|New Blood: Christopher Neame as a young vampire|
A prologue set in 1872 shows the deaths of both Dracula and Van Helsing after a final, furious battle, then the film jumps ahead 100 years in this first of Hammer's 20th century Dracula flicks. Lorrimer Van Helsing (Peter Cushing) is the grandson of the great vsmpire hunter, living in modern London with his granddaughter, Jessica (Stephanie Beacham of Schizo). Jessica is friends with a man named Johnny Alucard (Christopher Neame), who is apparently the reincarnation of one of Dracula's human slaves. Johnny enlists his friends in a black mass, the sole purpose of which is to revivify the ancient, blood-sucking count (Christopher Lee). Dracula snacks on several of Johnny's nubile friends and turns a decidedly willing Johnny into a vampire, but Drac wants revenge on the Van Helsing family and sets his sights on Jessica ... Dracula A.D. 1972 with its jazzy score is like a pop version of Dracula but it mostly works, primarily because of a fast pace and some excellent acting. Cushing and Lee give their usual classy and committed performances, and Neame is a real find as the dynamic and evil Alucard. Michael Coles makes an effective Inspector Murray and Caroline Munro [The Spy Who Loved Me] is fine as one of the count's first victims. The action sequences are well-staged by director Gibson. The vampire folklore in the film is confusing, as Dracula turns people into vampires with one bite without their dying first, and his other victims never rise from the grave. The group Stoneground perform the catchy enough "Alligator Man" in a party sequence. Neame has amassed nearly 100 credits and is still working today. Followed by The Satanic Rites of Dracula.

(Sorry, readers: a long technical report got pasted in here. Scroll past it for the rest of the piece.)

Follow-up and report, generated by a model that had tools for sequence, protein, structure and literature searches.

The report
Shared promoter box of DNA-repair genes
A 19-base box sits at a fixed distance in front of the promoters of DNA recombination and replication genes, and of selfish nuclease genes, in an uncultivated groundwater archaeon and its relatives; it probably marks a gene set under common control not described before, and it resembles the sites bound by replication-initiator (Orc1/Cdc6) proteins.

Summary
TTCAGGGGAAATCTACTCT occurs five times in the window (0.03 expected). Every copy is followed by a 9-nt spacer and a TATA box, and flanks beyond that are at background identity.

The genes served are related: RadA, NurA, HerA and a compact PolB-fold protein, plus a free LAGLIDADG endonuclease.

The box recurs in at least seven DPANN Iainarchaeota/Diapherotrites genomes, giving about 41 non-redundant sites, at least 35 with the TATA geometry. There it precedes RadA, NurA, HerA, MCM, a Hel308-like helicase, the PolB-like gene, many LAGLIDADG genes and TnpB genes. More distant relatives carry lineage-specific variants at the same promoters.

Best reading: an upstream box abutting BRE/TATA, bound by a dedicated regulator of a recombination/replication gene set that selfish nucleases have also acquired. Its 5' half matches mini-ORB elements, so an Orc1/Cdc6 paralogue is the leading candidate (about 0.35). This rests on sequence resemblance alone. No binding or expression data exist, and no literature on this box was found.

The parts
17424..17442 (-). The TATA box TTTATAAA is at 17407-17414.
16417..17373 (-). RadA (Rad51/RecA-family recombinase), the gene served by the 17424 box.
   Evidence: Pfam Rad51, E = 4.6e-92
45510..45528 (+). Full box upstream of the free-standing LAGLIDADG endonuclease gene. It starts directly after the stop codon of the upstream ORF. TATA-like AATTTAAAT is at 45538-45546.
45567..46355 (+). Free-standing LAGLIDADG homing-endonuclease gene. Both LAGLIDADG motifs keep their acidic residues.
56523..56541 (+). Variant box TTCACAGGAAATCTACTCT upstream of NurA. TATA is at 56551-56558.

Verdict: Fun Dracula flick with excellent performances. ***.